“We continue to see the largest risk for the US as a second wave of infections emanating from the central region of the country after the coasts have peaked in mid-April.”

    The firm also said “importantly” that its new forecast continues to assume more social distancing and a continued rapid increase in testing.

    “We would highlight that the biggest risk to this forecast is that while we have reasonable confidence the East and West coasts will reach peak cases in the next 2-3 weeks, the interior of the country is now exhibiting signs of new outbreaks.

  9. Re the tweet from Mike Carlton on the previous thread.

    I would be very surprised if Sally McManus and Greg Combes would have presented a subsidy scheme to the government that deliberately excluded casuals who had been employed for less than 12 months, those on short term fixed contract and those on certain visas.

    Those restrictions would be down to the government.

    We shall see how hard labor and the union movement push for changes.

    BTW, legislation for the scheme has not yet been drafted. So much for Morrison and co working for weeks on this.

    Once it is drafted then we can see how simple and straightforward the subsidy will be.

    It is very easy for a business to register but when the actual process, paperwork , exemptions and other details arenmade clear then we shall see if it is all so splendid.

  10. Yeah, lizzie, it’s the worst thing that has happened to my close group of friends. She still has a mortgage, even though she is 55, as her feckless former husband kept taking the money out of their joint bank account meant for loan repayments and spending it on dud speculative share purchases without her knowledge or agreement. Suffice to say she kicked him out not long after the bank contacted her about falling into arrears. But she would give you the shirt off her back if she could and she had only just got the business up to a full head of steam, but now this. Of course she is not the only one out there like this, but still, it’s making me ineffably sad today. I have advised her to retrain as a Home Help for the Elderly. Let other people worry about running a business.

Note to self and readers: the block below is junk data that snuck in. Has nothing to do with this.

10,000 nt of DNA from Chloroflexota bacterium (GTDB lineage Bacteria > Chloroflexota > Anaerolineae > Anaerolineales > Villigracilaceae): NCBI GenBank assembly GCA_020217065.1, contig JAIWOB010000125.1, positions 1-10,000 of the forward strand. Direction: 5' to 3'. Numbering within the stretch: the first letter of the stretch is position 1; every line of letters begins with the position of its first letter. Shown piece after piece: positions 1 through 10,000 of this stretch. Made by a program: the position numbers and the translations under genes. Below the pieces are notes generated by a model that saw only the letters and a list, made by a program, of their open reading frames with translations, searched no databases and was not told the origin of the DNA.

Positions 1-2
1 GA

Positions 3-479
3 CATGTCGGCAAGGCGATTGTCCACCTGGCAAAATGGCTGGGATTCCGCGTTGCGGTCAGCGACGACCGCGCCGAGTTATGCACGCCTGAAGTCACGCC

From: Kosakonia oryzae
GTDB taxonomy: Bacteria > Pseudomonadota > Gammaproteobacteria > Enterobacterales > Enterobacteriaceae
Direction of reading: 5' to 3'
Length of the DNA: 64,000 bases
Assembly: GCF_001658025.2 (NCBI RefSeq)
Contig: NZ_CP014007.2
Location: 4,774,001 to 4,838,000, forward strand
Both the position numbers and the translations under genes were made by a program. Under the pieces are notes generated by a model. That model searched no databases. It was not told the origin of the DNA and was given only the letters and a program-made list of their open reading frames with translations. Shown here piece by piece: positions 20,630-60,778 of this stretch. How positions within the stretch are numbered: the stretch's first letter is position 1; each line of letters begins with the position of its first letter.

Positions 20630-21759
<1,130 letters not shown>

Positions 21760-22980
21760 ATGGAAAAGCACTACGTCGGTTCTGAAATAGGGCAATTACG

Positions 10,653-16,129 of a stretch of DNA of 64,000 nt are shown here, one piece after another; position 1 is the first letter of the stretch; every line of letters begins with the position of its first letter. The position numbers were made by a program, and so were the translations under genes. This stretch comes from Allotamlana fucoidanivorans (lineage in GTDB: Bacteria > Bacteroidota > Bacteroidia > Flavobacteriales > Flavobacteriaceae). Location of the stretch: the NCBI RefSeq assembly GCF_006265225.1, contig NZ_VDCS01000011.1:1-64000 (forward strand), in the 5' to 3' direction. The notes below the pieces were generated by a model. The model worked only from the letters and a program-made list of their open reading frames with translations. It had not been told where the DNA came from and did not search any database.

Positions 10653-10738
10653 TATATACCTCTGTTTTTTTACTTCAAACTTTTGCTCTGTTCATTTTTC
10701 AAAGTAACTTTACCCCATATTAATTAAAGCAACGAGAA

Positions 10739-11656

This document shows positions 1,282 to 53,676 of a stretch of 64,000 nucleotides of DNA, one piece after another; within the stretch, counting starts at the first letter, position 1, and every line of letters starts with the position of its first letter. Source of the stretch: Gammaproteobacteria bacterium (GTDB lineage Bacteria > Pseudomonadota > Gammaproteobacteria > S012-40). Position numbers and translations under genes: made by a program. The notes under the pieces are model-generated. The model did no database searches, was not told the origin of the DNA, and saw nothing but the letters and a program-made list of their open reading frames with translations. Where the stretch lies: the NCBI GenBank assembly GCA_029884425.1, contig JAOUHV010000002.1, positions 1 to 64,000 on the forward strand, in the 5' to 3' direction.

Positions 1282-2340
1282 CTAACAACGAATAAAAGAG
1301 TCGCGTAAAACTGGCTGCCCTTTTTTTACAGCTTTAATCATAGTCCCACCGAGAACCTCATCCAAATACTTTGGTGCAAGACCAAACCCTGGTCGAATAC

11. doyley

    Libs always insist they have been working “all last year”, or “for a long time”, working “steadily and calmly” because “we have a plan”.
    It’s always bulldust.

  12. The important numbers in NSW
    In ICU 35
    on ventilator 16
    both showing a doubling time of 3-5 days but on small numbers
    % not o/s or known contact ~ 12 (stable from yesterday)

  13. Competent project managers should be able to meet all the distance rules and still keep working. The only change would be to shift from site meetings to texting everyone messages.

    Or Facetime meetings, which is happening in a team a friend works in. They’ve replace the daily morning ‘toolbox’ meeting with a Facetime meeting and from what he’s said, it is working fine.

  14. Socrates @ #14 Tuesday, March 31st, 2020 – 8:56 am


    My sympathy, best wishes to you and your friend.

    Thanks, Soc. She is resourcefull and will no doubt find something to take its place. Although as a swinging voter, sometimes Liberal, sometimes Labor, she may believe that the economy will ‘bounce back’ after 6 months. I will continue to try and temper those expectations. 🙂

  15. C@t:

    Sorry to hear about your friend. Yesterday the WA government announced grants to help small businesses and event organisers who have lost business. In addition to federal govt support billie mentioned, perhaps something similar exists in NSW that she could tap into?

  16. What happens now to those 8,000 and 20,000 new jobs which supposed to be promised by coles and woolworths.

    Do they apply to those on welfare or are majority of them still go to qantas, Myers employees who were stood down?